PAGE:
The rumour mill has been whirring lately with a lot of speculation as to whether the second-generation BMW i8 will go electric only. We know that BMW will be making some key decisions on the replacement for the i8 before the end of the year and according to Autocar 'sources' within the manufacturer have indicated that an all-electric powertrain is being favoured.
Of course, this sounds a lot like Chinese whispers, but in amongst all of the 'he said, she said' are some tantalising indicators that would seem to back up the theory. There are also plenty of reasons why BMW might decide that hybrid power remains preferable, but let's cover the plus-points first...
The article by Autocar indicates that BMW's Munich-based R&D department is busy beavering away on a high-torque, high-power pure-electric motor with “significantly higher rotational speeds” that mimic the brand's combustion engines' characteristics. Apparently, prototypes of the motor and associated four-wheel-drive system have already been tested successfully in i8 test mules.
This mystery driveline is also said to share much with the one that is being developed for the BMW iNext all-electric SUV, which is already being tested in advance of a planned 2021 launch.
In addition to the powertrain, there is an upswell in the development of EV supercars from the likes of the Tesla Roadster and Audi R8, and a realistic likelihood of Porsche joining the fray once the Taycan has entered production. That's not to say that BMW will be feeling any great pressure to compete, but if it were to, the second-generation i8 is the obvious candidate to take up the mantle.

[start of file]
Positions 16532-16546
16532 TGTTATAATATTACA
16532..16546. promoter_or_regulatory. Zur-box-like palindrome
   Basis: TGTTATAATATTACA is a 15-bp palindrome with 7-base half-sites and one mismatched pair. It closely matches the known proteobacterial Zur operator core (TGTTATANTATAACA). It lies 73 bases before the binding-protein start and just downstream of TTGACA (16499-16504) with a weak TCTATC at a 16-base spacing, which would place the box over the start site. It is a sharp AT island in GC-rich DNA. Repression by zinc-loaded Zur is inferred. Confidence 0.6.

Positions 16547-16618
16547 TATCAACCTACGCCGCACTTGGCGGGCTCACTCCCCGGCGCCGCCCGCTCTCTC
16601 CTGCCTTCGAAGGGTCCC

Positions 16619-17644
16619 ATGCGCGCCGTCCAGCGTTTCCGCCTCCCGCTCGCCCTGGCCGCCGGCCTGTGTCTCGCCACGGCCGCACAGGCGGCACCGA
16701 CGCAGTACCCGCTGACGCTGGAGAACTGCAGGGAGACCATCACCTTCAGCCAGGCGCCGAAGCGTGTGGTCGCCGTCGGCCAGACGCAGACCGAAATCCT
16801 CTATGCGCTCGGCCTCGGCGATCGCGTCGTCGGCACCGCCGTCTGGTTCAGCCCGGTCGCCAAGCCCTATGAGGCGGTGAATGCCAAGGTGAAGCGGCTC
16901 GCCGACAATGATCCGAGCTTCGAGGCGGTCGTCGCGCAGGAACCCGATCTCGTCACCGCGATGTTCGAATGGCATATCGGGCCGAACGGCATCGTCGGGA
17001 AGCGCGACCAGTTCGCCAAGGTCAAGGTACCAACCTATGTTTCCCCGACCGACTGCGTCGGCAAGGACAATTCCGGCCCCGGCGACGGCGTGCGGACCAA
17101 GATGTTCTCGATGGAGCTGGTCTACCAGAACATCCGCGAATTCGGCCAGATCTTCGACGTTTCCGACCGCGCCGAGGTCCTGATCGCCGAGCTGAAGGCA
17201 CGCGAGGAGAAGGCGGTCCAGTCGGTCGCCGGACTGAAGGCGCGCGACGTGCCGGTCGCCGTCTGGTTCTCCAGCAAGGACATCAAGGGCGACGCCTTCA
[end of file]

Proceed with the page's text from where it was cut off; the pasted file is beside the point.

The major fly in this rumour-flavoured ointment is the fact that BMW doesn't have a platform that suits a pure EV i8. According to the Autocar story, the existing carbon fibre i8 platform “lacks the modularity” required for EV application. This means that the easy option for BMW would be to simply update the current platform and stick with a hybrid powertrain, potentially with a far more potent petrol engine than the current three-cylinder unit.
This would place it below the hybrid hypercars from the likes of McLaren, Porsche and Ferrari, and into a zone that is more the habitat of the Honda NSX (itself an electrically assisted car rather than a PHEV) and... not a lot else, really.
So, where does this leave us?
Well despite questioning BMW's UK PR team on the subject they remained resolutely tight-lipped. The all-electric i8 remains a rumour, but one that – if Autocar's digging is to be believed – is more than a little bit likely to actually come to fruition. We certainly think that this is a golden opportunity for BMW to establish itself in the electric supercar sector long before some of its main rivals will get there.
Second generation i8 has a planned launch of 2023, but with those high-level decisions being made before the end of this year, keep your eyes and ears open for more news on its development.
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